Ag Today July 14, 2020

Only eight U.S. states have virus rules for farms as cases rise [Bloomberg]

Only eight U.S. states have imposed mandatory protections specifically for farmworkers from coronavirus amid a series of agricultural outbreaks across the country and a national rise in new infections, according to a survey of state regulations by an advocacy group. … Colorado, Michigan, New Mexico, New York, Oregon, Pennsylvania, Washington and Wisconsin are the only states to require produce growers and other farm operations to provide personal protective equipment to farmworkers and to require physical distancing, according to the advocacy group, which favors farmworker protections. … California has some mandatory measures for all workers in the state, including agricultural, but hasn’t issued farm-specific guidance, according to the group.


Opinion: Amid pandemic, California farms reflect society’s most basic needs, values [Ventura County Star]

… While most people and industries were caught off guard by the COVID-19 crisis, California farmers were already taking many of the mandated safety precautions as a matter of routine. Our farmers were able to continue supplying grocery stores and food banks throughout the state and nation because of the strict food handling and pesticide practices that were already in place. … Long after the pandemic passes, I would hope that the public continues to remember that our farmers, regulators and scientists have been able to create a system that defends our food supplies from pests, while protecting our communities, workers, school children and the environment.


Burger King addresses elephant in the room, and it’s a cow [Associated Press]

… The chain has rebalanced the diet of some of the cows by adding lemon grass in a bid to limit bovines contributions to climate change. By tweaking their diet, Burger King said Tuesday that it believes it can reduce a cows’ daily methane emissions by about 33%. … Burger King worked with scientists at the Autonomous University at the State of Mexico and at the University of California, Davis to test and develop its formula of adding 100 grams of lemongrass leaves to the cows’ daily diets. Preliminary tests indicate that the lemongrass leaves help the cows release less methane as they digest their food.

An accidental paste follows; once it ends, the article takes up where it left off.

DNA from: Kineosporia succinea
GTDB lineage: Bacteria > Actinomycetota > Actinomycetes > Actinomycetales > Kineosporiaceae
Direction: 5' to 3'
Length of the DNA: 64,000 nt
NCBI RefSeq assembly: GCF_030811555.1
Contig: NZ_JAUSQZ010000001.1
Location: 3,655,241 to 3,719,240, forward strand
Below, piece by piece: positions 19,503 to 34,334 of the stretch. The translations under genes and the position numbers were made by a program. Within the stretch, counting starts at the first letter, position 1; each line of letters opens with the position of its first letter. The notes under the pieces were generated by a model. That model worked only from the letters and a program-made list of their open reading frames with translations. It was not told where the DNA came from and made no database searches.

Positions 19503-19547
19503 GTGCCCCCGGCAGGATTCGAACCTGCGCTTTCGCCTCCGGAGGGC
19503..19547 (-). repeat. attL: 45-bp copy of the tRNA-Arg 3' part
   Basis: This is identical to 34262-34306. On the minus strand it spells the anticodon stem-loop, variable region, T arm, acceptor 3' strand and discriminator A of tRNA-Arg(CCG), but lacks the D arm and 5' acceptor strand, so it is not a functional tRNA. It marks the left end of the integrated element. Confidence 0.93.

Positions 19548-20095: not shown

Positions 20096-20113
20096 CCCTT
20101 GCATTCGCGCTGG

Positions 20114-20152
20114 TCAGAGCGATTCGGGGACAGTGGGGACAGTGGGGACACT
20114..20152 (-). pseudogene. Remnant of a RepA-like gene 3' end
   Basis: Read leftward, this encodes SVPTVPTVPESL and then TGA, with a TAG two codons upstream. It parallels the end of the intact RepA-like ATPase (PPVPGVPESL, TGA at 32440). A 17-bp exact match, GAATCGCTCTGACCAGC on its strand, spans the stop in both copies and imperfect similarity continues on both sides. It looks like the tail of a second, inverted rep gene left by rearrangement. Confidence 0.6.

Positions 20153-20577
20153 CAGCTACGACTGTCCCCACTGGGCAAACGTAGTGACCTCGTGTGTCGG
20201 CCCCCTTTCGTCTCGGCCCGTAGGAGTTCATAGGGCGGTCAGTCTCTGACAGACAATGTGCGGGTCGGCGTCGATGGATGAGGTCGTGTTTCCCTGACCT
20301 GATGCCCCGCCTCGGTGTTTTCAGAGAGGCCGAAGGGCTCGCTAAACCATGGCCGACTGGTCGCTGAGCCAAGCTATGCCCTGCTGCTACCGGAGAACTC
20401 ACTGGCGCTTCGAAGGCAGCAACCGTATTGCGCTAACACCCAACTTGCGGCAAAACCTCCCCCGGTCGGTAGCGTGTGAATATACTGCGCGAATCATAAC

Climate change, COVID-19 stoke wildfire’s economic risk, Fed says [Reuters]

Wildfires threaten the economy of the western United States to a greater extent than the rest of the country, and the coronavirus pandemic and climate change will only make that worse, according to research from the San Francisco Fed on Monday. Some 52% of economic output in Arizona, California, Idaho, Nevada, Oregon, Utah, and Washington originates in counties with elevated wildfire hazard, putting the economies of the region in jeopardy as wildfires become more frequent and more destructive, the researchers found.


From food banks to honor fridges, rural Sierra communities get creative to feed themselves [Capital Public Radio, Sacramento]

… In Plumas and Sierra counties, food banks and food pantries are seeing their numbers double and triple. Grocery stores are struggling to keep up with demand. And many people are getting creative to meet the needs of their community. … More people wanted to shop locally rather than cross state or county lines to buy food. That put a lot of pressure on supply chains. … That’s the same issue that Jessie and Leslie are trying to address with the Lost Sierra Food Project by growing food for Plumas County, in Plumas County.


Local pumpkin farm expects to open for 48th harvest season in September [Marysville Appeal-Democrat]

It is still uncertain how the COVID-19 pandemic will affect business operations this fall, but Bishop’s Pumpkin Farm owner Wayne Bishop said they expect to open Sept. 12 for their 48th harvest season. … Bishop said it is important to note that the farm is a seasonal business and must follow retail and dining guidelines as opposed to festival or event venue orders. … In preparation for the upcoming harvest, Bishop said they have planted their normal amount of pumpkins this year, except for those meant for school field trips.